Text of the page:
Studies on vector behaviour should be conducted in order to evaluate the effectiveness of vector control measures on malaria protection in endemic areas of Latin America, where P. vivax predominates. This work aims to investigate the fauna of anopheline mosquitoes and verify the impact of integrated vector management in two colonization projects in the Careiro Municipality, Western Brazilian Amazon.
Four mosquitoes’ captures were carried out from August 2008 to March 2010, with an interval of six months between each collection. Since September 2009 a large programme to reduce the burden of malaria has started in the two communities by distribution of insecticide-treated bed nets (ITN) and intensification of indoor residual spraying (IRS). Human biting rates (HBRs), entomological inoculation rates (EIRs), malaria incidence rate (MIR) and Plasmodium carrier’s prevalence were used as outcomes to estimate the impact of the control measures.
A total of 3,189 anophelines were collected, belonging to 13 species. Anopheles darlingi was the predominant species in the period (42.6%), followed by Anopheles albitarsis (38.4%). An. darlingi HBRs showed a notable decreasing trend from the start to the end of the study. Conversely, An. albitarsis increased its contribution to overall HBRs throughout the study. For An. darlingi there was a significant positive correlation between HBRs and MIR (p = 0.002). Anopheles albitarsis HBRs showed a significant negative correlation with the corresponding MIR (p = 0.045). EIR from total anophelines and from An. darlingi and An. albitarsis presented decreasing patterns in the successive collections. Four species of anophelines (An. darlingi, An. albitarsis, Anopheles braziliensis and Anopheles nuneztovari) were naturally infected with Plasmodium, albeit at very low infection rates. There were a decrease in the MIR for both vivax and falciparum malaria and in the prevalence of Plasmodium vivax and Plasmodium falciparum carriers during the period of study.
There is strong evidence of association between the density of An. darlingi and the incidence of malaria in the studies sites, further highlighting the importance of this vector in malaria transmission in this region. An. darlingi susceptibility to control using ITN and IRS is likely to be high in the rural settlements studied.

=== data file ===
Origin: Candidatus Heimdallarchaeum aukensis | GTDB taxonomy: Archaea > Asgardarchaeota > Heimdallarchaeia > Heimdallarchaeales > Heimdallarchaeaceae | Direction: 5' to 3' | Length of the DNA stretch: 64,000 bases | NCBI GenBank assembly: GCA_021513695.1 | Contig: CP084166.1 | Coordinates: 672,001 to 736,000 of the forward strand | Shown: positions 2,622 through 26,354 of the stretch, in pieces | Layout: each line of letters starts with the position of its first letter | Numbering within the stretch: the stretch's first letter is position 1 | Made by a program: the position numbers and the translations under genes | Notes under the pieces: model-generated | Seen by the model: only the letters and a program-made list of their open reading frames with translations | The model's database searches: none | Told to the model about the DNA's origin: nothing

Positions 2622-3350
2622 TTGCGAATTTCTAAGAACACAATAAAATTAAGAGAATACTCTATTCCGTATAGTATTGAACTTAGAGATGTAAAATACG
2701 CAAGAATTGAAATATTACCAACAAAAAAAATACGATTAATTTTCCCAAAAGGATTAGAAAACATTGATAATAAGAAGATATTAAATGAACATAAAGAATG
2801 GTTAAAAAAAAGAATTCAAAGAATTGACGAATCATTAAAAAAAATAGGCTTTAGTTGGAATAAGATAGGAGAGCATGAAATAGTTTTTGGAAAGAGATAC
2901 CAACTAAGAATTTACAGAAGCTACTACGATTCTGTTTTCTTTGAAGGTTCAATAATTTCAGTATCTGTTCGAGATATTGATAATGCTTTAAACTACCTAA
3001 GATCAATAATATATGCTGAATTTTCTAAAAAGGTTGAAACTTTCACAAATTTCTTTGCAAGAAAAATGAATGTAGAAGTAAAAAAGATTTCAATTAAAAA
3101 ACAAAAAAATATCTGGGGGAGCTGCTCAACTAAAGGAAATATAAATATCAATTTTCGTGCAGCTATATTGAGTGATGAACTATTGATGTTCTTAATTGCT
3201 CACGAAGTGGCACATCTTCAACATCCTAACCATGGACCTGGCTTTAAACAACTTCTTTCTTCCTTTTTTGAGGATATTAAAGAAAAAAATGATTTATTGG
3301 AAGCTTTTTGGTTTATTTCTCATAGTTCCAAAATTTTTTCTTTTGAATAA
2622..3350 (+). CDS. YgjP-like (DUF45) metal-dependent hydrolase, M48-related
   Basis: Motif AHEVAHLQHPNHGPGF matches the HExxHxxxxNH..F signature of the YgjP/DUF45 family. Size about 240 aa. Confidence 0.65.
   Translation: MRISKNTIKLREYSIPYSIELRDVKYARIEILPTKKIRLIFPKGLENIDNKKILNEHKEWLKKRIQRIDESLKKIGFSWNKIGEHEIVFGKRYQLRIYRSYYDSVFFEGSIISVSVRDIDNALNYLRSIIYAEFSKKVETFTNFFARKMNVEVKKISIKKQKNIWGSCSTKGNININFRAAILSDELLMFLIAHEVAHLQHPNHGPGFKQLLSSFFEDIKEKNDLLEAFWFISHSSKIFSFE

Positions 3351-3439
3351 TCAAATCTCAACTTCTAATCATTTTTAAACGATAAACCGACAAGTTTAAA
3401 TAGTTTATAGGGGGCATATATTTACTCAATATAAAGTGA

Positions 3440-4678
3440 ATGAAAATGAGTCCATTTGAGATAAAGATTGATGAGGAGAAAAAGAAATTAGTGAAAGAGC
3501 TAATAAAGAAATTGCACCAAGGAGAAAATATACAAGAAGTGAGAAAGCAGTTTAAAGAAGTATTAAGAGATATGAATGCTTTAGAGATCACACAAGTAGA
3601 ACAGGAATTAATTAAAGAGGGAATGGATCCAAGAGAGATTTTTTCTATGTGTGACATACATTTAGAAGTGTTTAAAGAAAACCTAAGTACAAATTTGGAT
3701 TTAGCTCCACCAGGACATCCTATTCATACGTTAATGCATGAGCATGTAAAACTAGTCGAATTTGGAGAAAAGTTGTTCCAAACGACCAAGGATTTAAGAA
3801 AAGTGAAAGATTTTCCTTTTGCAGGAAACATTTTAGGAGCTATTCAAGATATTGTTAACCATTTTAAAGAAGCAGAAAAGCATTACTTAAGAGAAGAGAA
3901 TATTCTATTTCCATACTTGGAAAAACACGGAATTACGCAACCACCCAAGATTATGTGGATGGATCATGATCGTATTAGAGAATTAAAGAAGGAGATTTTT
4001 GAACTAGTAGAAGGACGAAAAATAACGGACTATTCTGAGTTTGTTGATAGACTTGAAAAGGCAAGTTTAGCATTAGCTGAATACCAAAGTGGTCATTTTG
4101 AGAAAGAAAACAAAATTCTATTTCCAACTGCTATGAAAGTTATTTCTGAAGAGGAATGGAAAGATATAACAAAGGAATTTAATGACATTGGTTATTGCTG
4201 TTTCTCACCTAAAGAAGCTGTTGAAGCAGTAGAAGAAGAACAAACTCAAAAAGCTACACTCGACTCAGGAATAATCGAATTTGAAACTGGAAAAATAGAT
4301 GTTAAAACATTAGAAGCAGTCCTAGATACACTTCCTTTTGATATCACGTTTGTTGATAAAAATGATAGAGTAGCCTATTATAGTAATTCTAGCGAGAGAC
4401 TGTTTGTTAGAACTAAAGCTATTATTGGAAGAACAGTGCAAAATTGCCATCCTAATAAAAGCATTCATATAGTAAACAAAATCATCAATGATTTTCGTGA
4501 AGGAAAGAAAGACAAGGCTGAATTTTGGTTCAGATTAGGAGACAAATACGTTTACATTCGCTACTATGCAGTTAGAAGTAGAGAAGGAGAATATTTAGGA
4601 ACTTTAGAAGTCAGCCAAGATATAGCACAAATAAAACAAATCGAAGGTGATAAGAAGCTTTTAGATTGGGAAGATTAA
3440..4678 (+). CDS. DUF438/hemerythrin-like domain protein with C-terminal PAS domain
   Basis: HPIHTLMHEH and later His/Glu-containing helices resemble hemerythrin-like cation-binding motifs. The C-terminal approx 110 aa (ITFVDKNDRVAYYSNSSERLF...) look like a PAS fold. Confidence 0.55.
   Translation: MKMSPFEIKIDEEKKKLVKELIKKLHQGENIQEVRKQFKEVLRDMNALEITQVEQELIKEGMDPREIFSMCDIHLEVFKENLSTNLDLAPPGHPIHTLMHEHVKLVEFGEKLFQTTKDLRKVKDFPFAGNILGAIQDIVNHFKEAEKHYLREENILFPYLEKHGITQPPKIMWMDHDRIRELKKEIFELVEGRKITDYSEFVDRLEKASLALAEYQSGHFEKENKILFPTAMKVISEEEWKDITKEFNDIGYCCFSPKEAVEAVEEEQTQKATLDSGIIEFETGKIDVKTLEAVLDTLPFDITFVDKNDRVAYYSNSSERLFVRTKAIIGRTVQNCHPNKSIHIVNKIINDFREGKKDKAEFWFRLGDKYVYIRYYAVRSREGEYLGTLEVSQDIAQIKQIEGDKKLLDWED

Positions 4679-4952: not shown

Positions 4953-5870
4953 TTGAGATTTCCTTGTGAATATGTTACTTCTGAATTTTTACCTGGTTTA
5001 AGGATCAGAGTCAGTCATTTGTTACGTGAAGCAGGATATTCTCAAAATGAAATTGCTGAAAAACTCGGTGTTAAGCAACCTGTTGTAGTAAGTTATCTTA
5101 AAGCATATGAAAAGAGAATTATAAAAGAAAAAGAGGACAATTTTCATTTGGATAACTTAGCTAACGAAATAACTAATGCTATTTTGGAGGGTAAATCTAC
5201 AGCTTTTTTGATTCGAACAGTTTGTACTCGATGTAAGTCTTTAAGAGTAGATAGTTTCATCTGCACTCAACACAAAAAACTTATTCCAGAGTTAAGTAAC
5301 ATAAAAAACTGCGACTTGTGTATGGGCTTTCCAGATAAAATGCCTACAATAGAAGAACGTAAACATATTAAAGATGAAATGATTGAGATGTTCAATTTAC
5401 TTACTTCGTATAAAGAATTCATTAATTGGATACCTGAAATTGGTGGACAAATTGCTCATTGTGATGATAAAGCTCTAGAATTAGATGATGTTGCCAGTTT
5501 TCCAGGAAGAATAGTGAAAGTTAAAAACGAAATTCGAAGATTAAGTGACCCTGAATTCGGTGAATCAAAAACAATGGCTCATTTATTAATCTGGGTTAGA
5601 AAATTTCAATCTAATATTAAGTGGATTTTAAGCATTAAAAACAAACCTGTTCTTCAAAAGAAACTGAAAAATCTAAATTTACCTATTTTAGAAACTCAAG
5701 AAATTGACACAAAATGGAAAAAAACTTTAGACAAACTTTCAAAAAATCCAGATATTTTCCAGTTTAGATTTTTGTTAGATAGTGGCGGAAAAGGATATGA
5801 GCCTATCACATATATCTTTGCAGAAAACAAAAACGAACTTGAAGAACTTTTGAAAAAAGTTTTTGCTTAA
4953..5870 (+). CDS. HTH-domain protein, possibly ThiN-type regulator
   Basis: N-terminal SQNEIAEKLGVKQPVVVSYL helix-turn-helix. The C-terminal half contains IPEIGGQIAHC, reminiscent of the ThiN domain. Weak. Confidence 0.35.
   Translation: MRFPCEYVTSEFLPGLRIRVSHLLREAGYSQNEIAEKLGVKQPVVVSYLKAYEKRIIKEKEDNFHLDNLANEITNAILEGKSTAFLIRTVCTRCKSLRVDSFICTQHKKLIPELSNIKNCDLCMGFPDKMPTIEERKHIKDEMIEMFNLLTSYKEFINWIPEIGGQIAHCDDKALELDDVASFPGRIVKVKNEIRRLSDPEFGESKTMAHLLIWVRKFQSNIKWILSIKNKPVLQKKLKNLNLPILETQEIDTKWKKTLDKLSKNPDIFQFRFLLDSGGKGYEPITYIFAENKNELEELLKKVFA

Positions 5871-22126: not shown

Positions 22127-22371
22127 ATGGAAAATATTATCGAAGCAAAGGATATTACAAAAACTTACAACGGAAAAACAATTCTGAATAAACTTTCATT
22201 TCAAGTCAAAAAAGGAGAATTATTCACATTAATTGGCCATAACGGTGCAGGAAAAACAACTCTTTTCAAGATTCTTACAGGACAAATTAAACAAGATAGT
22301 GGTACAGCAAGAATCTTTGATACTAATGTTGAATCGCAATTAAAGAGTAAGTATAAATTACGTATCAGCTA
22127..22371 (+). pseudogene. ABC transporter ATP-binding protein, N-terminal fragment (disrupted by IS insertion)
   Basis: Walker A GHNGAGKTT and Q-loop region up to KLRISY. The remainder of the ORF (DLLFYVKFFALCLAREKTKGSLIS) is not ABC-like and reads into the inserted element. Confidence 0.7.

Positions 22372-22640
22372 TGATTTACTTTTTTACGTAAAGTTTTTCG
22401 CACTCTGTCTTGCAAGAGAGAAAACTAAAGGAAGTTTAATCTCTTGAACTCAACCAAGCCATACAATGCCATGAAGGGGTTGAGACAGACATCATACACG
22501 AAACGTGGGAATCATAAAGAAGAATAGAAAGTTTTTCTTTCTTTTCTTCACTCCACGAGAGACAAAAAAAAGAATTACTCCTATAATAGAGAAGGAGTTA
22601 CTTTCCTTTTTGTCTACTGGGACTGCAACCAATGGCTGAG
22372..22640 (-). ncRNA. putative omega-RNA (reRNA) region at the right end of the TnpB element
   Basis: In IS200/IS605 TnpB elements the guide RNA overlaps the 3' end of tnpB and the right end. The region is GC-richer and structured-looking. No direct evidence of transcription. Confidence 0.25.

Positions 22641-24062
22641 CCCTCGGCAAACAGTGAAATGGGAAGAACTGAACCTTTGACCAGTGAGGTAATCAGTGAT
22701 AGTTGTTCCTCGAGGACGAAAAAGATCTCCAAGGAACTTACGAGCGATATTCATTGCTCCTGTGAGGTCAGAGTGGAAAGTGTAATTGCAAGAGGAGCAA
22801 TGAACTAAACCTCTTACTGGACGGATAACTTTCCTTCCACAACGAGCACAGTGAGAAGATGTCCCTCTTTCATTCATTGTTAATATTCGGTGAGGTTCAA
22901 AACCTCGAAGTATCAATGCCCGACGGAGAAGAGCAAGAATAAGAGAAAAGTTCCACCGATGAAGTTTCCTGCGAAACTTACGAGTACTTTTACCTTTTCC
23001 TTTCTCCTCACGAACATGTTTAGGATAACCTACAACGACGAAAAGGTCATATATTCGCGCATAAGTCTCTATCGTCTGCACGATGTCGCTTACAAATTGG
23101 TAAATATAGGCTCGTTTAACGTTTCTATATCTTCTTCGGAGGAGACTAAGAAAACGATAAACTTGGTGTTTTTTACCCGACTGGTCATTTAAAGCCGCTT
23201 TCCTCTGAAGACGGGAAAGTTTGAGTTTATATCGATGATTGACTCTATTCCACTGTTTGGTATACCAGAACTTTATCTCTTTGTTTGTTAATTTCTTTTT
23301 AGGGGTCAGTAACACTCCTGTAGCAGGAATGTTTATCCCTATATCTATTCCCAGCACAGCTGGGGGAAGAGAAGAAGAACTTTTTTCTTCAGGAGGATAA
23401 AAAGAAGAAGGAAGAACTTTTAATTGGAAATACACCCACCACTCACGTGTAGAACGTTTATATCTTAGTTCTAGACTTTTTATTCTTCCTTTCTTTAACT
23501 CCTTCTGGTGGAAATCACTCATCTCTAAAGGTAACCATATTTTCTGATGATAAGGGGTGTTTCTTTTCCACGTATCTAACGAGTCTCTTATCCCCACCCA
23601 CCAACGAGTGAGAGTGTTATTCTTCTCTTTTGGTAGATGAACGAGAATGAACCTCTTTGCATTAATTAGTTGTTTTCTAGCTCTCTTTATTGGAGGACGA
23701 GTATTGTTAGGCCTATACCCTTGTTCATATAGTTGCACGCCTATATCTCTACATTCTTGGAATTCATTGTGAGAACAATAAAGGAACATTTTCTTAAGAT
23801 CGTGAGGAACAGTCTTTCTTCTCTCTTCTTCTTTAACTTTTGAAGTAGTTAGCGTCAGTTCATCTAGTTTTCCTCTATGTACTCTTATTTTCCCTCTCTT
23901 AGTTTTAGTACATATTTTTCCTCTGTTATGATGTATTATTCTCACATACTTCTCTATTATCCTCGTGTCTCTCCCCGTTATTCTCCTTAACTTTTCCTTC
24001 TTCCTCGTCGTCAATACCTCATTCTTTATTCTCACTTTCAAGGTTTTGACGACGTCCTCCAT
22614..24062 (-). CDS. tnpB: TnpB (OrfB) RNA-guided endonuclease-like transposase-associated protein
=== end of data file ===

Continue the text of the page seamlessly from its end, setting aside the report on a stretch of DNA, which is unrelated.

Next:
Malaria; Anopheles darlingi; Impregnated bed nets; Indoor residual spraying; Amazon
In French Guiana, Mosquito Magnet® Liberty Plus trap baited with octenol (MMoct) has been proposed for sampling Anopheles darlingi after comparison with CDC light trap and Human landing catch (HLC). However, other available lures were not tested. The current study compared MMoct and MM baited with Lurex™ (MMlur) to HLC, and analysed entomological data from MMoct collection with malaria cases to facilitate malaria surveillance.
Two independent experiments were conducted during 2012 and 2013 in Saint-Georges town, French Guiana. The first experiment used Latin square design to compare MMoct and MMlur to HLC between 18:30 to 22:30 and 05:00 to 07:00. Parity rate was determined for An. darlingi from each sampling system. In the second experiment, a 24:00 hour collection was done for four consecutive days during the first week of each month and every four days for the rest of the month using MMoct. Portion of the 24 hour collection was dissected for parity rate. All anophelines were screened for Plasmodium infection by PCR. Data for number of malaria cases was analysed for association with density of An. darlingi.
In the first experiment, 3,721 anopheline mosquitoes were collected over 21 nights. Of these, 95.7% was identified morphologically to five species and An. darlingi contributed 98.4%, mainly from HLC (75.1%, CI 95% [73.2-77.0]) than MMoct (14.1%, CI 95% [12.6-15.7]) and MMlur (10.8%, CI 95% [9.4-12.2]). Species richness was highest in HLC meanwhile species diversity index was greatest in MMoct. MMoct collected more parous An. darlingi than HLC (p < 0.0001) and MMlur (p = 0.0021). The second experiment amounted to 2035 females, 60.8% belonging to 10 species. Anopheles darlingi constituted 85.0% of the species and had parity rate of 52.3%. Specimens were uninfected with Plasmodium. Density of An. darlingi best correlated with malaria cases observed six weeks later (p = 0.0016; r = 0.4774).
Though MMoct and MMlur performed well in sampling An. darlingi, MMoct captured more species and, therefore, would be useful for surveillance. Even if it collected mostly parous mosquitoes, MMoct proved useful in collecting entomological data required for predicting malaria emergence. It is a potential replacement for HLC.
Anopheles darlingi; Mosquito Magnet® trap; Human landing catches; Entomological surveillance; Malaria; French Guiana